In Luke 10, Jesus gave His followers instructions on how to enter the cities, homes and lives of the people they would encounter in the mission He’d given them. Now, as then, most of the unreached will not come to us. We must go to them.
As His followers go about the mission of making disciples today, entering the lives of the lost is one of the first objectives to address. As well as learning what to do, we must also learn what not to do. There are several potential hazards we may encounter. By avoiding these common hazards, we have a better chance of building genuine relationships that open the door for sharing the gospel of Jesus.
Relying too much on events or programs.
One of the most common missteps happens when churches focus so much on events or programs that there is no energy left for building relationships. The goal of entry is always relationships that lead to gospel conversations and disciple-making. Events and programs can play an important role, but the goal is not just to have a big event or a big program. We must make sure our events and programs result in building and developing relationships.
Many times, a focus on the event or program as an end in itself can be counterproductive. The event may be too large, or the program too cumbersome, to facilitate real relationships from forming. Often, the outcome of entry efforts like this is that the church “feels good” about what has been done, but no real missional advance has been made in the field.
As His followers go about the mission of making disciples today, entry into the lives of the lost is one of the first objectives to address.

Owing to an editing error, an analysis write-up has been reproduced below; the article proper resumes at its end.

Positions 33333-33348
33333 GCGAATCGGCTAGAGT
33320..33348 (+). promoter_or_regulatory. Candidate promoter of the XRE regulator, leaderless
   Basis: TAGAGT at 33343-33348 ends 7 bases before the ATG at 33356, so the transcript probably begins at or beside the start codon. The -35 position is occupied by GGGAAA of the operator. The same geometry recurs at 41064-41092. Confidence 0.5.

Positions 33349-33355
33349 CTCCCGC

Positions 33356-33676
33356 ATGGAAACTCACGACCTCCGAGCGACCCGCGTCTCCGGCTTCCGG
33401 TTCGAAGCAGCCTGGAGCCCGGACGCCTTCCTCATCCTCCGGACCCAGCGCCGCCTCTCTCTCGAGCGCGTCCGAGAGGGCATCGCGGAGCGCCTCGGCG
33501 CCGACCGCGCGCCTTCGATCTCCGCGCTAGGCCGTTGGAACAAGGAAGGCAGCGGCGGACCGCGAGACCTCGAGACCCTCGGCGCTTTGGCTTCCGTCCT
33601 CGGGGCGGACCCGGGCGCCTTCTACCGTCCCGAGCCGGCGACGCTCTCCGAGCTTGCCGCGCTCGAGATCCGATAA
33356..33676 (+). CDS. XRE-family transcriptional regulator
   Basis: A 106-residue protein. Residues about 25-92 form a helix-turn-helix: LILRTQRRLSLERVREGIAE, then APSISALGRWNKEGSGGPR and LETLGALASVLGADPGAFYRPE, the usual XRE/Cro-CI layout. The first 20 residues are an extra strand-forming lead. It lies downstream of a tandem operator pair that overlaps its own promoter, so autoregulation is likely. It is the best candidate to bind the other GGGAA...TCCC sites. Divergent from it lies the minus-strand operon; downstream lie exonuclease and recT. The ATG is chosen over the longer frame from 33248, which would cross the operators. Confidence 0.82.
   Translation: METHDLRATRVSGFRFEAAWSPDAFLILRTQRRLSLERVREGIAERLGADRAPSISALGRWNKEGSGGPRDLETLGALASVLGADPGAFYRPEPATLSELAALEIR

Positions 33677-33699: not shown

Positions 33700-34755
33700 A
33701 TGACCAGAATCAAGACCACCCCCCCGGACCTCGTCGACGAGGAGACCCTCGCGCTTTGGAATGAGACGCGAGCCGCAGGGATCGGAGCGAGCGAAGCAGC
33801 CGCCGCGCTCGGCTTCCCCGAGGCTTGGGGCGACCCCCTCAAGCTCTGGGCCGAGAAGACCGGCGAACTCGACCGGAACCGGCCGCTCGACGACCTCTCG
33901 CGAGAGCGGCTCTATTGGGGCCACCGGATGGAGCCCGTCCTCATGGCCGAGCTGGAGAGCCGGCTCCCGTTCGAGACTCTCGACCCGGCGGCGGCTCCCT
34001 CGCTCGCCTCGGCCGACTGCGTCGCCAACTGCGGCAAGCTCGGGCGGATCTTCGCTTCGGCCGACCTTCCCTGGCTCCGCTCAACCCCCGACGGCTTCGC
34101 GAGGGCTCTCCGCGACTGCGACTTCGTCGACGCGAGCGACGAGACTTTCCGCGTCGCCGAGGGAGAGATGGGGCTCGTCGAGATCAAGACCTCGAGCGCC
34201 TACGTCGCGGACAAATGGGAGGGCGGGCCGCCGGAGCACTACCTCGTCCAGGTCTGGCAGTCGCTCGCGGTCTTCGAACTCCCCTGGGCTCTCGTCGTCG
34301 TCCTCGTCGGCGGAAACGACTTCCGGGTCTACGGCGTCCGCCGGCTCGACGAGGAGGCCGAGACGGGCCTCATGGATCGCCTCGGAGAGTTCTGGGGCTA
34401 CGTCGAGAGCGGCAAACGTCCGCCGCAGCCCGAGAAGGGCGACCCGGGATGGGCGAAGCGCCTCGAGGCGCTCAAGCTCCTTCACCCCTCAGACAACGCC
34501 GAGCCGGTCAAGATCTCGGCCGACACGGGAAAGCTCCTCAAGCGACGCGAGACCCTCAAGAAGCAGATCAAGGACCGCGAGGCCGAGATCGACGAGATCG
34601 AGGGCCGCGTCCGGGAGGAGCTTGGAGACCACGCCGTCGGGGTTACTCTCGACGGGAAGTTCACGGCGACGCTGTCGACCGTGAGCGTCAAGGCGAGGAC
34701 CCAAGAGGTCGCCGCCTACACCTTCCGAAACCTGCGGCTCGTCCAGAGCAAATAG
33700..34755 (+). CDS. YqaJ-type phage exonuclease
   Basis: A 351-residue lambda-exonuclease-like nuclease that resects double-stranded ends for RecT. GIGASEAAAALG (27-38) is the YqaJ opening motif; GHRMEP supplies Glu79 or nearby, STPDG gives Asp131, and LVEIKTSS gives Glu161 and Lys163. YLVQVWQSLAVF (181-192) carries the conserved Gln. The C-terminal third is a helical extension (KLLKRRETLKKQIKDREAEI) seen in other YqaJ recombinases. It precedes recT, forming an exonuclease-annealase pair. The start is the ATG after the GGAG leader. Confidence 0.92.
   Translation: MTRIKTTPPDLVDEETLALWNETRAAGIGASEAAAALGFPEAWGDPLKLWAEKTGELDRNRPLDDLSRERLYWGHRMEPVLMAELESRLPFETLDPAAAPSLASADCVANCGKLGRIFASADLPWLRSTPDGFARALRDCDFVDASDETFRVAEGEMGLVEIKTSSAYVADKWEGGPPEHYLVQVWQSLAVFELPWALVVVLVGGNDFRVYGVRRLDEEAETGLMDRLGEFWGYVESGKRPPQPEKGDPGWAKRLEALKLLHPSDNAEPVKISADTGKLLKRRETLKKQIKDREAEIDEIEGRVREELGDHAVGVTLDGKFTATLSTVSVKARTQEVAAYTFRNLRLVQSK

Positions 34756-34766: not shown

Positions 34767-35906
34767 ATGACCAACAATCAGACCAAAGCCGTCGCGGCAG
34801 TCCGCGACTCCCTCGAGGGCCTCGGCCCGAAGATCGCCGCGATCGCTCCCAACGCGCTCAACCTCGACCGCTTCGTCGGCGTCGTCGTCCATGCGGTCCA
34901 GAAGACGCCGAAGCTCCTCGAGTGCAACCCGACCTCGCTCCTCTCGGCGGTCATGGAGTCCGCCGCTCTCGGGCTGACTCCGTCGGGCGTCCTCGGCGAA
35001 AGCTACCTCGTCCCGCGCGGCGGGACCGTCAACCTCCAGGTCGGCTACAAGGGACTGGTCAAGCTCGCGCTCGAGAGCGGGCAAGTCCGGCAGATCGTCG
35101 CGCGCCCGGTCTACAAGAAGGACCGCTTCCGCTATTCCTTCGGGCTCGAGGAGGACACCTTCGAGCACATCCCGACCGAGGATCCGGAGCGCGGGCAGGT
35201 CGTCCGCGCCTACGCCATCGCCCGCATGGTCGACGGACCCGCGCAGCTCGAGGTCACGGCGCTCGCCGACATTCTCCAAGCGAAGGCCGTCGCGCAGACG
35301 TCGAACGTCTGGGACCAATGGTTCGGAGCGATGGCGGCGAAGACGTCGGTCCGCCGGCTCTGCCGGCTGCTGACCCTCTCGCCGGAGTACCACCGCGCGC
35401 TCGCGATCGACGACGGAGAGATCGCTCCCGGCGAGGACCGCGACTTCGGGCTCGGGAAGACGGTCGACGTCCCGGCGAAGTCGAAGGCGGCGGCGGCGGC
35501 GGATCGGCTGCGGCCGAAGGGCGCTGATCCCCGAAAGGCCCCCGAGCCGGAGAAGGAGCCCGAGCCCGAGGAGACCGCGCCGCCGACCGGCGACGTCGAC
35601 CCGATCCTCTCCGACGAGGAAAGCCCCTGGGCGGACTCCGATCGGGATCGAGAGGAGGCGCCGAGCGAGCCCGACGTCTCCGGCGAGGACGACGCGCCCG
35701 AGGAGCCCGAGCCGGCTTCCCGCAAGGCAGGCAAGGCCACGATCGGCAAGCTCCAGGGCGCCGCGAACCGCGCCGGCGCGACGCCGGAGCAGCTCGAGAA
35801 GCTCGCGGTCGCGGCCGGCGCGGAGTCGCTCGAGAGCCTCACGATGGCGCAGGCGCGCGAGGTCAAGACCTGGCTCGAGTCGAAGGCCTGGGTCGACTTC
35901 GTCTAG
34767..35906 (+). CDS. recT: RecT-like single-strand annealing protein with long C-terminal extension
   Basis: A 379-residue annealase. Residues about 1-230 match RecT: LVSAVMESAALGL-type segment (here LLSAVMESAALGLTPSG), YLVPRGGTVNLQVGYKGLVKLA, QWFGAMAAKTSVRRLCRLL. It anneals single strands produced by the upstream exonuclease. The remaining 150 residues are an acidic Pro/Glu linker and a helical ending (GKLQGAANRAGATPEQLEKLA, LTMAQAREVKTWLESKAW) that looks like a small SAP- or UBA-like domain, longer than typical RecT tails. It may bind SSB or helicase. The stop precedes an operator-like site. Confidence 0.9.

Moving too quickly.
Another common misstep happens when churches undermine trust and confidence. Many charitable efforts can be perceived by those the church wishes to help as dehumanizing or condescending. An effort to move to gospel presentations too quickly without building authentic relationships can feel like a “bait-and-switch” tactic. These situations can hinder the witness of the church in the community in ways that are difficult to overcome.
Failing to see the big picture.
One additional misstep churches often make is failing to keep entry as a piece of a larger missionary task. An effective entry event will not necessarily conclude with impressive numbers of souls saved or members added to the congregation. Effective entry will, however, result in members of the church building relationships with lost people in the community. It is through those relationships that the gospel is shared, disciples are made and lives are changed.
By avoiding these and other potential hazards in making entry, Christ-followers can build authentic friendships with the lost. In the context of these relationships, the love of Christ can be demonstrated as the gospel is shared on a personal level, leading to great missional impact as disciples are made.
EDITOR’S NOTE: This article examines entering new mission fields, the first of six steps in the missionary task, which is adapted from “Foundations,” a publication of the International Mission Board.
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